When does the paris agreement start

There may be times when the involvement of your national court is required in order to ensure the best conduct of the arbitration. One such example could be the use associated with an anti-suit injunction.

In the context of international arbitration, an anti-suit injunction is usually a national order from the court used to protect the jurisdiction in the arbitration tribunal. Through this type of injunction, a celebration can be ordered to never pursue court proceedings initiated in breach of the arbitration agreement. This is, partially, to hold on to the parties with their contractual agreement and in addition out of concern that people court proceedings (unless restrained) could frustrate the arbitration.

The concern has become that such tactical litigation brings about delay and expense. As these so-called “torpedo” actions tend to be brought in countries in which the judicial process is slow or complex, or possibly is likely to favour the local litigant, the chance of frustrating the arbitration process is real. Traditionally, the anti-suit injunction has become viewed in England since the primary way to deal with such tactical litigation.

English courts can’t use their traditional weapon usually chosen. In February 2009 the European Court of Justice (“ECJ”) delivered its controversial decision on anti-suit injunctions regarding West Tankers Inc v Allianz SpA (Case C-185/07). This case handled anti-suit injunctions since they apply within Europe and, particularly, tips on how to apply EC Regulation 44/2001 (“the Judgments Regulation”) to cases involving arbitrations.

After West Tankers, the English courts still can’t use their traditional weapon of, the anti-suit injunction, in reaction to proceedings started elsewhere in EU or Lugano states in breach associated with an agreement to arbitrate.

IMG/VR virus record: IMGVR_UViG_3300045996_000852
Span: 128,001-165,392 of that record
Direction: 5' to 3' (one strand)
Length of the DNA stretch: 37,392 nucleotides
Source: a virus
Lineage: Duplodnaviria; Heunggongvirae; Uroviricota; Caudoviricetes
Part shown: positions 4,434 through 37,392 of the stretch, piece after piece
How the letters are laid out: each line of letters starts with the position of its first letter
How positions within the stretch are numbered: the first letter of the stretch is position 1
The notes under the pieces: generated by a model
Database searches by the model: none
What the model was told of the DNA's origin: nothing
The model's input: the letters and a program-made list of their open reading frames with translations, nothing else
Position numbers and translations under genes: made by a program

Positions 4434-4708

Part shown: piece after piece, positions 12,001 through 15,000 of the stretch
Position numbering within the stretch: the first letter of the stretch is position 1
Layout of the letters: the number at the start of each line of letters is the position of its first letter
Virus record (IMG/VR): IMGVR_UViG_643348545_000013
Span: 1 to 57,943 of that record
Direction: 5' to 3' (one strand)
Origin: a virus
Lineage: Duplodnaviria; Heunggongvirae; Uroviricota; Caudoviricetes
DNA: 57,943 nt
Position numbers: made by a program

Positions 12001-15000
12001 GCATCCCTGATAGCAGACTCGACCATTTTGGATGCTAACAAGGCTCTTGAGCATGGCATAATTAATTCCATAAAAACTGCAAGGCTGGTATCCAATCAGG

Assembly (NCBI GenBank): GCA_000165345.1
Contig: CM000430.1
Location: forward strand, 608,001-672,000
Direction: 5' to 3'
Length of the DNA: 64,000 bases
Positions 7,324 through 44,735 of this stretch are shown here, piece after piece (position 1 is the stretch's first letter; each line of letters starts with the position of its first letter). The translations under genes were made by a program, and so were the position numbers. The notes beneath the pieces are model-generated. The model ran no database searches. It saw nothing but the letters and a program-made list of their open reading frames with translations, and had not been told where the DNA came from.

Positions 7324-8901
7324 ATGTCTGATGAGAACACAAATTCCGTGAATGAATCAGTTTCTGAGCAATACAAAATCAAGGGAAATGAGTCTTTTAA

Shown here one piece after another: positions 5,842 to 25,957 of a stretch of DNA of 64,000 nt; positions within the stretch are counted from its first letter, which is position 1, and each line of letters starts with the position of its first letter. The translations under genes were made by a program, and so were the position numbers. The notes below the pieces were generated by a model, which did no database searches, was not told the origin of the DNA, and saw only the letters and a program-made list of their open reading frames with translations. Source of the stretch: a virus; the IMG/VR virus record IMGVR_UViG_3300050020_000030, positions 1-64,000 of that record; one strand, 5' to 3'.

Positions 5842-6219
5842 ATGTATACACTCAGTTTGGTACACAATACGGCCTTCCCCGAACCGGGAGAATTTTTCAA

The effect of West Tankers is in a case where an event has first issued court proceedings in another EU state court, in this case Italy, the Italian court shouldn’t be deprived of its straight away to determine its very own jurisdiction pursuant towards the Judgments Regulation and mustn’t be restrained through the English court pursuant in an anti-suit injunction.

The facts on the case are these. West Tankers Inc had chartered a vessel called The Front Comor to Erg SPA (Erg) pursuant with a charterparty which ship to disputes for being resolved by arbitration in England. The vessel experienced a collision having a jetty inside Italian port of Syracuse, Sicily, causing substantial damage and Erg claimed compensation from the insurers, Allianz, for compensation up towards the limit of the company’s cover. Erg also commenced arbitration proceedings in London against West Tankers to recuperate the balance of the company’s losses.

In the meantime, Allianz, who have been the insurers, commenced subrogated proceedings against West Tankers inside Italian courts in order to extract the sums that they had paid to Erg within the insurance policy.

West Tankers challenged the Italian proceedings inside English courts for the basis the Italian courts lacked jurisdiction as being the insurer’s claim was covered with the arbitration agreement. West Tankers requested, amongst other relief, an anti-suit injunction requiring Allianz to discontinue the Italian proceedings.

The English High Court upheld West Tankers’ claims and granted the anti-suit injunction. The insurers argued how the grant of a very injunction was contrary towards the Judgments Regulation, since they a directly to bring a claim from the Italian courts and, should the Italian courts took jurisdiction, then which should be the end on the matter. On appeal, the House of Lords produced referral towards the ECJ around the question whether anti-suit injunctions issued to offer effect to arbitration agreements are works with the Judgments Regulation.

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